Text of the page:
Dear Rachel,

My husband and I are active community members. We have always valued being the ones that help shape a community, rather than just being one of the followers. For example, I serve as the President of the Sisterhood, and my husband coaches our twins' softball team, as well as being the Treasurer of our synagogue. My husband and I have worked very hard to instill this philosophy of community activism into our children.

However, our eldest daughter, (fourteen years old), is just way too shy. She doesn't like to get involved with anything. When we need kids to help run events, she stays home, when we ask her to call some of her friends to help in a synagogue activity, she refuses. When she was offered the coveted position of Youth Group President she stormed off in a huff! She would prefer to stay home and read or paint.

This is very hard for us as we are beginning to wonder what is wrong with her! It's not like we are fighting, it's just she avoids us when she hears that we are getting involved in another project. What can I do to help her realize that this is an important part of life?

Frustrated Mother

Dear Frustrated Mother,

One of the biggest challenges parents face is realizing that our children may not become exactly the people that we want them to becomeYou must be extremely busy with your children and all of your activities! I am always impressed by people that value being active members of a community. It is far more admirable to be an agent of change, rather than complaining when things are not the way they should be.

For a parent that feels so strongly about a certain value, it can be very frustrating and disappointing when one of your children does not appreciate the same values as much as you would like.

It is very normal for parents to fantasize what they want their child to be like, and what interests they will develop. Often times, parents begin this process when their child is in utero, if not before! One of the biggest challenges parents face is realizing that our children may not become exactly the people that we want them to become. Our task is to help nurture their talents and strengths, this is the way that they will develop into the best person they can be.

The first thing that you need to do, is be more cognizant of the fact that your daughter is growing up, and she is at the age where she is able to make decisions for herself. And, as part of that maturation and decision making process, she needs to start exploring who she is, and figure out who she wants to be. Many, many times, children do not share the same interests and strengths that their parents have, nor are they interested in trying to develop them.

It is obvious that you and your husband are both social and energetic people. These are amazing qualities, and I am glad to see you channeling them in such a productive way. Remember, as you have these amazing qualities, there are other amazing qualities out there, and you have to open your minds to discover the ones your daughter possesses.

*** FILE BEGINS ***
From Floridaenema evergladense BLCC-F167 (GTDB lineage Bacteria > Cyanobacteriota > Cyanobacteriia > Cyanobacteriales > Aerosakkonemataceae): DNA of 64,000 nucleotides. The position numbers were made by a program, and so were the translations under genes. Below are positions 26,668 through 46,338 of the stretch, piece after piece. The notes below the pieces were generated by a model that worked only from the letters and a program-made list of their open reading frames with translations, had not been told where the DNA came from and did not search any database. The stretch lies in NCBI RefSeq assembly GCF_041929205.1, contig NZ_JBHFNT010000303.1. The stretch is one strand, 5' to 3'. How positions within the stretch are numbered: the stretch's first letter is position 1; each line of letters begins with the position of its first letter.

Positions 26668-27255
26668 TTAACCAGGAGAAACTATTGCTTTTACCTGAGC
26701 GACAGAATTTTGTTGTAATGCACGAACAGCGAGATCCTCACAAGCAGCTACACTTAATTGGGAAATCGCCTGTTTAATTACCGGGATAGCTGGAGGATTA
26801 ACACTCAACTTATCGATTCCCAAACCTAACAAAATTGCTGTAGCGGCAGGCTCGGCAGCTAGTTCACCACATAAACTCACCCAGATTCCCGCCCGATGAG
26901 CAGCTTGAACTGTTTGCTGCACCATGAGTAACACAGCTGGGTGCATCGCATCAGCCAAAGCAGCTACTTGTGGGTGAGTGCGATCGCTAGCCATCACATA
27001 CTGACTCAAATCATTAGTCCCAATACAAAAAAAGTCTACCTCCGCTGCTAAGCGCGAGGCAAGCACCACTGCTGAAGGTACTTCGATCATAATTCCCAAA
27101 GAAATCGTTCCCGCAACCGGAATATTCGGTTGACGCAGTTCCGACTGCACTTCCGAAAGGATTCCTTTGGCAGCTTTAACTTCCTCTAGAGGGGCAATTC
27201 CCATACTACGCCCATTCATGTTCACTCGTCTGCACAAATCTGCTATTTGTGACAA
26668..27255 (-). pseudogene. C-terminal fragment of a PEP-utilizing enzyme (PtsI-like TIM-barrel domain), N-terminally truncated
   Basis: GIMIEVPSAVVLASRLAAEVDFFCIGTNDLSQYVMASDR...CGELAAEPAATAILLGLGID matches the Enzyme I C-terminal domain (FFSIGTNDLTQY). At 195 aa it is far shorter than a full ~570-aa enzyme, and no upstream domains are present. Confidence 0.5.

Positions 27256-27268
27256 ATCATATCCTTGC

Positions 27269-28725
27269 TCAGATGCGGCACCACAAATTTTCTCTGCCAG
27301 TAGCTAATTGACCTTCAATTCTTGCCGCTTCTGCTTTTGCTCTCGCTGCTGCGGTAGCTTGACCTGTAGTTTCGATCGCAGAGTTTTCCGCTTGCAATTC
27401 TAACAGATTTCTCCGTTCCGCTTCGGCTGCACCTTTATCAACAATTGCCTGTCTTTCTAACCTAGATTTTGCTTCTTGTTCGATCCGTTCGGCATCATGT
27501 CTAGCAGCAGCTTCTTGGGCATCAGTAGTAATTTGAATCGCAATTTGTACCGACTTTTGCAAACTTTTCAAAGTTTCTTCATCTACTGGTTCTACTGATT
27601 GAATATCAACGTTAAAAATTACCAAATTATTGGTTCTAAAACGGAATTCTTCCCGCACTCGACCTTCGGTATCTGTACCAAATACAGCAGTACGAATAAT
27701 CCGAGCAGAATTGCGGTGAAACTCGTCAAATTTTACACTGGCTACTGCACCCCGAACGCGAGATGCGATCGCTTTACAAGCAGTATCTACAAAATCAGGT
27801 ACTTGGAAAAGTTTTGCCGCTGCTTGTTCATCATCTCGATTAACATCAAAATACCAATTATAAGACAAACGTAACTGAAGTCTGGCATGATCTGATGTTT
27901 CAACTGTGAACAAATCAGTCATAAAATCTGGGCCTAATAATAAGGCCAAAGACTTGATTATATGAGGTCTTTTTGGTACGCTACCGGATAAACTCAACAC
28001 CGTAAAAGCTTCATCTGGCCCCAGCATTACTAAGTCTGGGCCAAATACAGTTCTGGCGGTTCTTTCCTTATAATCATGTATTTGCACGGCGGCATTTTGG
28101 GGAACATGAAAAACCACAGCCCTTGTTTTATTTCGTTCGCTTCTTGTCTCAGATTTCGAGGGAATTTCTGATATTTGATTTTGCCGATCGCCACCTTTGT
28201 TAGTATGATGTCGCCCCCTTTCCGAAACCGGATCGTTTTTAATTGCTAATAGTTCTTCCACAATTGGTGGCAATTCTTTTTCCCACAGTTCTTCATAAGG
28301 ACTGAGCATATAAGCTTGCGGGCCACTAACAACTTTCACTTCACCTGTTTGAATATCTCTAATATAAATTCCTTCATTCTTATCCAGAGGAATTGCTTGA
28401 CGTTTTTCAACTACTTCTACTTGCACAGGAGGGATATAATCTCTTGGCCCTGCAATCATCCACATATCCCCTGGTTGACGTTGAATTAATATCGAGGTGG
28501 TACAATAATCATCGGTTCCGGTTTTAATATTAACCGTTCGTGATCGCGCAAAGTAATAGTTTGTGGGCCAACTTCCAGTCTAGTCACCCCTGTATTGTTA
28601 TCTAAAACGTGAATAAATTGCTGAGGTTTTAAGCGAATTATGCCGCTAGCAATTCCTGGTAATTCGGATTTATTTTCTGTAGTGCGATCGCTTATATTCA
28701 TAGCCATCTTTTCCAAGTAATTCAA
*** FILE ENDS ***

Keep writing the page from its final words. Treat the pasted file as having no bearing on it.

The first step to help you see her amazing qualities, is to reframe them in your mind. While you value being "out there," your daughter does not. There are many benefits to being more quiet, and watching things from the side. Instead of shy, try thinking of her as reserved. People that are like this also accomplish many things, and they have a lot to add to a community. Not everyone can be the facilitator, and that may not be her strength.

You wrote that she likes to paint, so think of her as a budding artist. As a painter, she is most likely also creative, another great quality that you can readily appreciate. Being a reader, she is also probably very intelligent, and she may have some insightful ideas if you are able to give her the space and the time to share them.

Also, a teenage girl of fourteen is at an age where kids tend to pull away from their parents. She needs this space as she grows up. For teenagers, this is a very difficult time. Their bodies are changing, their sleep cycle is off, and hormones are causing emotions to run amok. This is not the time to try and engage her in things that she is just not interested in. From her perspective, she feels as though you don't understand her. Even if you don't, you should act as though you do, and hold back from forcing her to be part of these activities.

Spend time getting to know her. Make a point of walking in when she painting, and watch her. Ask her about her creative process. Find out what book she is reading, read it too, then ask her out for breakfast so the two of you can talk about it. Stay away from pressuring her to do things that she doesn't want, and engage her on her level.

From her perspective, she feels as though you don't understand herIt sounds like your daughter is trying to get you to see her for who she is and what she needs as opposed to how you want her to be. This is specifically why we have the Torah directive in educating our children, Chanoch Lenaar al pi darko (Proverbs 22:6)meaning "educate your child according to his way" as each child will need a different approach focused on his or her specific abilities.

As you get to know her better, you will begin to see the beauty of what she has to offer, and how it really compliments your values beautifully. As an added bonus, as you get to know her on her terms, you may find that she is more willing, and even eager to participate in some of the things that you value. Enjoy your daughter, and all of your children. May you have much joy from all of them.